“I’m pacifist and antiwar. I am clear about it,” he said, cautioning that if two nuclear armed countries fought a conventional war, there was every possibility that it could end up into a nuclear conflict, which was unthinkable.

In that case, such a conflict would have far reaching consequences going beyond the Indian Sub-continent, he added.

If the international community failed to resolve Kashmir issue, it would have impacts upon the entire world and the entire world markets, he emphasized.

The prime minister said they would approach all international fora to highlight plight of Kashmiri people and the illegal and unilateral steps taken by India. They must act now as the situation would have the potential to snowball into a disaster spilling beyond the Indian sub-continent, he reiterated.

The prime minister said they would be urging the world powers like US, Russia and the European countries, to play their role in resolving the issue and mentioned that China had been very supportive to Pakistan. About US President Donald Trump’s offer to mediate between Pakistan and India, the prime minister Khan said they were really thankful to him for his offer, elaborating that when US president seriously intervened in an issue, there would be some sort of resolution. Secondly, if the US did not directly intervene, it had a role in the United Nations and the Security Council to exercise, he added.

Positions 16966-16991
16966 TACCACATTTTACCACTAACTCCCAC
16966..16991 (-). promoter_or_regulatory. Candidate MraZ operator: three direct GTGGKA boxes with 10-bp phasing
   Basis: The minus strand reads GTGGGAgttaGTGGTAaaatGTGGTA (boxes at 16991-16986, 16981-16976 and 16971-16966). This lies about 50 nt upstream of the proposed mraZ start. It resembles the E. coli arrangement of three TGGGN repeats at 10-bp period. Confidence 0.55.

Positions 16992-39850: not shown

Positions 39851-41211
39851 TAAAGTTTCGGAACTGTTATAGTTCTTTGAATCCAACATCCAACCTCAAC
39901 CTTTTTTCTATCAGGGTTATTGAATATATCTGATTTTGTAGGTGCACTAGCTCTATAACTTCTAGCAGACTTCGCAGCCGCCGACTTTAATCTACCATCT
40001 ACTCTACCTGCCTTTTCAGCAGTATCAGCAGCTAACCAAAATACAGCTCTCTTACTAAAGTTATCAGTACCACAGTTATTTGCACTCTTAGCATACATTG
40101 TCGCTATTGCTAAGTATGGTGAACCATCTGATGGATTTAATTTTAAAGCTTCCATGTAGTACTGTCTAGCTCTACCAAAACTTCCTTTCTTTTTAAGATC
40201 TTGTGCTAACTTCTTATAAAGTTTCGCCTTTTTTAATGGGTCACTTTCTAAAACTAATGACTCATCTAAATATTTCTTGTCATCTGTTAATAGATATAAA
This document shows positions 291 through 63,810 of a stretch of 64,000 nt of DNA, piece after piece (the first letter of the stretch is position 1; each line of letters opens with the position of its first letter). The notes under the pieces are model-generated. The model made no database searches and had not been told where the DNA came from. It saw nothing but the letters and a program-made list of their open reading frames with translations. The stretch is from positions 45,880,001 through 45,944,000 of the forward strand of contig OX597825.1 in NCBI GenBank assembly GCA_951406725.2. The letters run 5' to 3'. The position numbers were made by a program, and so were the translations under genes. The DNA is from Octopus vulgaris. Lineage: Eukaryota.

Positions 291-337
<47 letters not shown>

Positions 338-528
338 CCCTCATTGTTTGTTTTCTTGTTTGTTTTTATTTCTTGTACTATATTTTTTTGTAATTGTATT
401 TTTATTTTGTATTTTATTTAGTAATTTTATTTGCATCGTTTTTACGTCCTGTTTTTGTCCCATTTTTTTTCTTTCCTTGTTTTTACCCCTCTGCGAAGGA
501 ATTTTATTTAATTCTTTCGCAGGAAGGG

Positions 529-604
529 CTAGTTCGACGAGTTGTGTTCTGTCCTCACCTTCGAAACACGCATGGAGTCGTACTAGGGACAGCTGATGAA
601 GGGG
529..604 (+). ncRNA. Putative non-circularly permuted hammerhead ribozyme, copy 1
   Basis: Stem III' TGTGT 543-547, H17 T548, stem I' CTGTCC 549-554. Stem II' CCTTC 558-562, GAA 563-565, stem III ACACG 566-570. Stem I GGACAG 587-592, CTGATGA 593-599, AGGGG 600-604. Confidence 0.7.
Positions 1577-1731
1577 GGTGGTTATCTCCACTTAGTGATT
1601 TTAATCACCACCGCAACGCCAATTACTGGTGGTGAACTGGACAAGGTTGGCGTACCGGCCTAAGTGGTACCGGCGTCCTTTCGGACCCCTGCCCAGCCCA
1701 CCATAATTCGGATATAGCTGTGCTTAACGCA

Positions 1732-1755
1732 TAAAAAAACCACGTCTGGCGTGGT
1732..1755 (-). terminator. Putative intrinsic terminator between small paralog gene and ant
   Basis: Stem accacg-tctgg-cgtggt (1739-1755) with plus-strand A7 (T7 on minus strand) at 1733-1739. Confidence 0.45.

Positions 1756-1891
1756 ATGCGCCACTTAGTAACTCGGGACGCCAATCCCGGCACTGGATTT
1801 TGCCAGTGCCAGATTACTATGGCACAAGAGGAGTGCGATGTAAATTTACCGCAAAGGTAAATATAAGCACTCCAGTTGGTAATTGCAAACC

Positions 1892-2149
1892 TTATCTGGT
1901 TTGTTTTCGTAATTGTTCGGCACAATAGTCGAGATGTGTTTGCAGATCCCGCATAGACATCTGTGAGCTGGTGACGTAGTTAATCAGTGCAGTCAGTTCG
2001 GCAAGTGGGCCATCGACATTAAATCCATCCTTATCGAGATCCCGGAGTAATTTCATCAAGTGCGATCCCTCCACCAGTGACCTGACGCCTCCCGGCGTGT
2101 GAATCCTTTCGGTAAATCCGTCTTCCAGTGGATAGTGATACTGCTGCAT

India was stone walling this suggestion because, it knew that once the international community was involved, it would insist upon implementing the exercise of right to self-determination by the Kashmiri people, he added. The prime minister, to a question, replied that during his upcoming UN General Assembly session, he would focus on the Kashmir situation.

About the US president’s announcement to cancel talks with the Taliban, the prime minister termed it unfortunate and expressed the hope that it would be a temporary thing. President Donald Trump, he hoped, would get the talks going again. There was no other solution; no military solution to the Afghan issue, the only way out was to getting back to the dialogue table, he added.

He said Pakistan had been playing its part for durable peace in Afghanistan and encouraging all parties for dialogue.

About the country’s economy, Imran maintained that the Pakistan Tehreek-i-Insaf (PTI) government had inherited the worst economic woes as no other regime in the past had to face.